Winnie Mandela: Misconceived Biopic

What has happened to director Darrell James Roodt, who has shown some talent in previous outings (Cry, the beloved Country, Yesterday)? At first, the news that a South African filmmaker would tackle the biopic of Nelson Mandela’s wife, was welcome, based on the director’s roots and presumed historical knowledge.

But, alas, “Winnie Mandela” is a misfire, a simplistic and shallow narrative defined by one-dimensional characters and lead stars that are either miscast and/or misdirected.

It may or may not be fair to claim that Jennifer Hudson, who deservedly won the Supporting Actress Oscar for the musical “Dreamgirls,” has not made a decent film in years. Recently, she has become a spokesperson for weight loss, and in the new film, she sure does flaunt her new, considerably reduced and more alluring figure with chic wardrobe.

But I doubt that any member of the Mandela family or his followers would like this picture, which is not even good enough as a standard TV telepic. Unfortunately, the filmmakers have taken a strong, complex and controversial figure, who crusaded to end apartheid with her husband Nelson Mandela, and have turned her into a cardboard heroine defined by deep-skin charm.

If you seek to understand why Winnie Mandela was labeled “the mother of the nation,” what made her tick, and how she became an iconic figure on her own right, you will have to wait for another film.

Terrence Howard as Mandela is equally unconvincing, a function of the script that makes this hero too earnest and prosaic, lacking the natural charisma that both the real historical figure and the actor who plays him have in abundance.

Main problem is the vague, rambling, and at time confusing script, co-written by Roodt and Andre Pieterse, based on Anne Marie du Preez Bezdrob’s biography (which I have not read).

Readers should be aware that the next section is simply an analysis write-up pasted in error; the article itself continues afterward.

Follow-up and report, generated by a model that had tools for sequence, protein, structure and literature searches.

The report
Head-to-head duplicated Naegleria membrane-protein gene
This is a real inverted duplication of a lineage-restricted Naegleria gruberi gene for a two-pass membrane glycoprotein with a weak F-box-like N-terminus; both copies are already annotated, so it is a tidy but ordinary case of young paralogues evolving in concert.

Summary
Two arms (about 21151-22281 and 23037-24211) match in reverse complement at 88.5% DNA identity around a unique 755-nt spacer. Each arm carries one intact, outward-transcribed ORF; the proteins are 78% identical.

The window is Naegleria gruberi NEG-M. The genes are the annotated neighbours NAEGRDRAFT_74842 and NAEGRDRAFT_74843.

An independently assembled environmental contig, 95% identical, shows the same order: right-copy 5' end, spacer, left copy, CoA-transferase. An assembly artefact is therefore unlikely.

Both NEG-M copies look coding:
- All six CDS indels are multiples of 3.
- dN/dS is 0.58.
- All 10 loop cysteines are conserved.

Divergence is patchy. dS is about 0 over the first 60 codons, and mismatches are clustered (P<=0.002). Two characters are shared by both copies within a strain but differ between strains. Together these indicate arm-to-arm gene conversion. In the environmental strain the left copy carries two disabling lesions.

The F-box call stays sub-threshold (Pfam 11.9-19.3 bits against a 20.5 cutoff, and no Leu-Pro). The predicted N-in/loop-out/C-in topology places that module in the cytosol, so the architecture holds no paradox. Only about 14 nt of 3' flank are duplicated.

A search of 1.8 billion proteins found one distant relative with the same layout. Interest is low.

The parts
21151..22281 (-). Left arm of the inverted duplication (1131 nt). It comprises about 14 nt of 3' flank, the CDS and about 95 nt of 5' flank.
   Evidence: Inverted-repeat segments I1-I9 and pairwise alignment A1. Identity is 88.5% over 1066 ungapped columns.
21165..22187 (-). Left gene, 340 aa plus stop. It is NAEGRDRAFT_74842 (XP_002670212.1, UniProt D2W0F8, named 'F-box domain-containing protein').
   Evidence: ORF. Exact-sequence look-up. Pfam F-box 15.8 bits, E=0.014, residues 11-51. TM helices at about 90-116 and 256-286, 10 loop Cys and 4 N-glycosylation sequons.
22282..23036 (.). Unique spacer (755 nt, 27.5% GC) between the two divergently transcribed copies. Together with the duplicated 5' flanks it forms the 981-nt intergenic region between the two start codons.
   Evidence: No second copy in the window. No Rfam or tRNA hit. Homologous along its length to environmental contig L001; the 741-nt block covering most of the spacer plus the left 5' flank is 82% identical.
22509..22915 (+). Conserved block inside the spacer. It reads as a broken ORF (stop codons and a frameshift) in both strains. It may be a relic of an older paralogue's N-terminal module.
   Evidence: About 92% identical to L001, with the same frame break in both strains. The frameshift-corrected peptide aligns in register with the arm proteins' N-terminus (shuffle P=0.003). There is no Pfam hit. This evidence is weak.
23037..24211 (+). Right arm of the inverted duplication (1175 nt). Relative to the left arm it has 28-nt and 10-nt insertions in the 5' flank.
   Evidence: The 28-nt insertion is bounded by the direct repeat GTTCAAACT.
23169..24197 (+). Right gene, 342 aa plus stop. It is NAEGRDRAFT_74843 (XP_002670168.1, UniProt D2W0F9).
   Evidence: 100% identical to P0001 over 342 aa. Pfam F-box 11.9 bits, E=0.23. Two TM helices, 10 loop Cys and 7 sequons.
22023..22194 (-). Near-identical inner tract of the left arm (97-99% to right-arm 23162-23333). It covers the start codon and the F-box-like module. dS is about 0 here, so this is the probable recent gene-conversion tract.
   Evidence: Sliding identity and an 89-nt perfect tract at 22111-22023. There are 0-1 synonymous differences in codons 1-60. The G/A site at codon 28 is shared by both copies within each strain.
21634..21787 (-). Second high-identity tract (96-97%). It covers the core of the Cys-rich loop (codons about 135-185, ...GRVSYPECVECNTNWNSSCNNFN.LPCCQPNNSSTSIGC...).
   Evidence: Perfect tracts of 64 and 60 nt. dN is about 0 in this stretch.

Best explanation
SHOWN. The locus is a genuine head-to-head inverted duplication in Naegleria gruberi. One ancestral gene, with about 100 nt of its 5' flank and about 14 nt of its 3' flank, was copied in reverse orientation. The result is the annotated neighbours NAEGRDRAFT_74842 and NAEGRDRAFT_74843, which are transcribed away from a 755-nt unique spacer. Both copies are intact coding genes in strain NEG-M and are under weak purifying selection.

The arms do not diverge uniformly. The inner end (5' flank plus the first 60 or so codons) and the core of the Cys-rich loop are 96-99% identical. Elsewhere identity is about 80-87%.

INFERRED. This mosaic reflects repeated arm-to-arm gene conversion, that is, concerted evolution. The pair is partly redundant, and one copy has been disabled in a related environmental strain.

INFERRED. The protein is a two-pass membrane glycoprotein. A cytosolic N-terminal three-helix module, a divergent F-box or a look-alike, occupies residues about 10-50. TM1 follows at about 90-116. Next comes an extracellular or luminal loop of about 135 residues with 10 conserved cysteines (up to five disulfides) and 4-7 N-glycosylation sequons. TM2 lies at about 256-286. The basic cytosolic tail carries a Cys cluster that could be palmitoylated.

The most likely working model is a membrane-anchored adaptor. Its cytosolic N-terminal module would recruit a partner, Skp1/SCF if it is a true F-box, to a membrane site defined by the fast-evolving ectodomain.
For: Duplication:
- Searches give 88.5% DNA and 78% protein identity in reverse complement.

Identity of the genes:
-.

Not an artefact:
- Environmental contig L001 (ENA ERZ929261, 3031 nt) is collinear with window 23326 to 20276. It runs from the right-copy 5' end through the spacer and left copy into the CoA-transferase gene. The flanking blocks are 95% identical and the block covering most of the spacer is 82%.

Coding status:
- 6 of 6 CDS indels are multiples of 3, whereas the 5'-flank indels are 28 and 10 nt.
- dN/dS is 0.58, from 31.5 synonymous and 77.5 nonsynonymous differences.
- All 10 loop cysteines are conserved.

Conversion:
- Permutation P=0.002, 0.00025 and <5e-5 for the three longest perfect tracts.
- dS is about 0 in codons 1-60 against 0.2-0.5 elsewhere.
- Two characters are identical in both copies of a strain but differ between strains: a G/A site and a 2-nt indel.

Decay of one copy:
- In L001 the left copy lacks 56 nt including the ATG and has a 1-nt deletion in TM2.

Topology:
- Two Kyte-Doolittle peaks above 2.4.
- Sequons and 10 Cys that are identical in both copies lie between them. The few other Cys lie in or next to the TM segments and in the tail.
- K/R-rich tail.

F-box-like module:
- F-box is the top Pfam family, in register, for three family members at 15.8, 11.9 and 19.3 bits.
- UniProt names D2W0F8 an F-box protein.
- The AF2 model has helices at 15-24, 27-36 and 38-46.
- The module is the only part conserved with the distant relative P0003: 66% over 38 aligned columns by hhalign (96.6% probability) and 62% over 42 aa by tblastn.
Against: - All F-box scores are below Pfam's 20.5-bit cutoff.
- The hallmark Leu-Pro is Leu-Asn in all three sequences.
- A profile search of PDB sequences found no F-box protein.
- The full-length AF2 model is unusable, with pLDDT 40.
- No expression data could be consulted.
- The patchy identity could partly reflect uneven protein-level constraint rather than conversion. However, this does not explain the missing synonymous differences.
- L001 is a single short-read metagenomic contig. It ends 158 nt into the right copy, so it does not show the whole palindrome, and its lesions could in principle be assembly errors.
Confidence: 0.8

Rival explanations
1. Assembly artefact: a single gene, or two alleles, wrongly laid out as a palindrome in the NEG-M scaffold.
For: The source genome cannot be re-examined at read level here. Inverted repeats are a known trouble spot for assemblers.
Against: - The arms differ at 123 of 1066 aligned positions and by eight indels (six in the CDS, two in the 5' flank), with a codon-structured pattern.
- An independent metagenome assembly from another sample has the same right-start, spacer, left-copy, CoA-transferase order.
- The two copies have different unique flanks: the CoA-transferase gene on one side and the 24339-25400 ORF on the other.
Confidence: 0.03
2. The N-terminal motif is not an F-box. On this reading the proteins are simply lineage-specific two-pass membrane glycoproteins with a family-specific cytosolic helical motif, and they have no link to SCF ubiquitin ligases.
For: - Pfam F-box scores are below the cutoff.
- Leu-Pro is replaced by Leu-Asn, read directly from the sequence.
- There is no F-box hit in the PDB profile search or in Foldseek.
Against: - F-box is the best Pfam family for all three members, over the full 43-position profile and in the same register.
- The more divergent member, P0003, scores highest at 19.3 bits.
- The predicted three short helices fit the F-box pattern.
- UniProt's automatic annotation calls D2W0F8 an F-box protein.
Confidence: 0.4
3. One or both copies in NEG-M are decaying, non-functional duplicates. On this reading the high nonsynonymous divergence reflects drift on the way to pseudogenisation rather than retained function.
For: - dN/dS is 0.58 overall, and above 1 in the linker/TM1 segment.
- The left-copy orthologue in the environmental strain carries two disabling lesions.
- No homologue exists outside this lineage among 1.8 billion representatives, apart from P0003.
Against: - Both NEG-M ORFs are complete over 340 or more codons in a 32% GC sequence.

Firm and literate (she can recite Shakespeare) even as a young girl, Winnie (played as a girl by Unathi Kapela) shows feminist inclinations by claiming that women can do much more than domestic chores in the kitchen.

Hudson assumes the titular part, when Winnie goes to college in Johannesburg. Refusing the opportunity to work in the U.S., she opts instead to stay in South Africa to help her people. Winnie meets her soulmate, Nelson Mandela, while he is championing an African National Congress, a campaign that runs against the white ruling class. Each and every step of the couple is carefully being watched and monitored by the government.

Violent response to the essentially peaceful protests attracts the attention of the international press, and Mandela is arrested for treason and put on trial in 1963. In the courtroom, Winnie makes a splashy appearance with her dress, insisting on her right to choose her own wardrobe in private and in public.

When Mandela is sentenced to life imprisonment, Winnie continues his fight and her stubborn refusal to be intimidated sends her to jail. The solitary confinement has negative effects on her mental state of mind: She is seen talking to ants in her cell, an act that angers the prison guard so much that she crashes the insects under her boots.

Following release from prison, Winnie gets close to an extremist faction, and also gains a security detail in the Mandela United Football Club (MUFC). The film implies infidelity, which along with her extremist position, create tensions between her and Mandela, who is now moved from strict confinement to a Cape Town prison.

Roodt remains vague in his approach to the scandals and legal problems that tarnished Winnie’s reputation as an heroic figure. The text also is inconsistent in showing Nelson’s conduct, particularly regarding Winnie’s radical politics and the divorce following his release from jail.

Most of the white characters are narrwoly defined, especially Major DeVries (Elias Koteas), who is the cartoonish villain of the piece.
On the plus side, there is attention to period detail through Pierre Vienings costume design, though Winnie’s large collection of hats and dresses proves distracting in crucial dramatic moments, as in the courtroom or when she observes her burnt-out home.


Jennifer Hudson, Terrence Howard, Elias Koteas, Wendy Crewson, Aubrey Poo, Talitha Ndima, Unathi Kapela


Running time: 102 Minutes
Director: Darrell James Roodt
Screenwriters: Andre Pieterse, Darrell James Roodt, based on the book, “Winnie Mandela: A Life,” by Anne Marie du Preez Bezdrob
Producers: Andre Pieterse, Michael Mosca
Executive producers: Ellen Wander, Geoffrey Qhena, Gert Gouws, Philisiwe Buthelezi, Hlengiwe Makhatini
Camera: Mario Janelle
Production designer: Emelia Weavind
Music: Laurent Eyquem
Costume designer: Pierre Vienings
Editor: Sylvain Lebel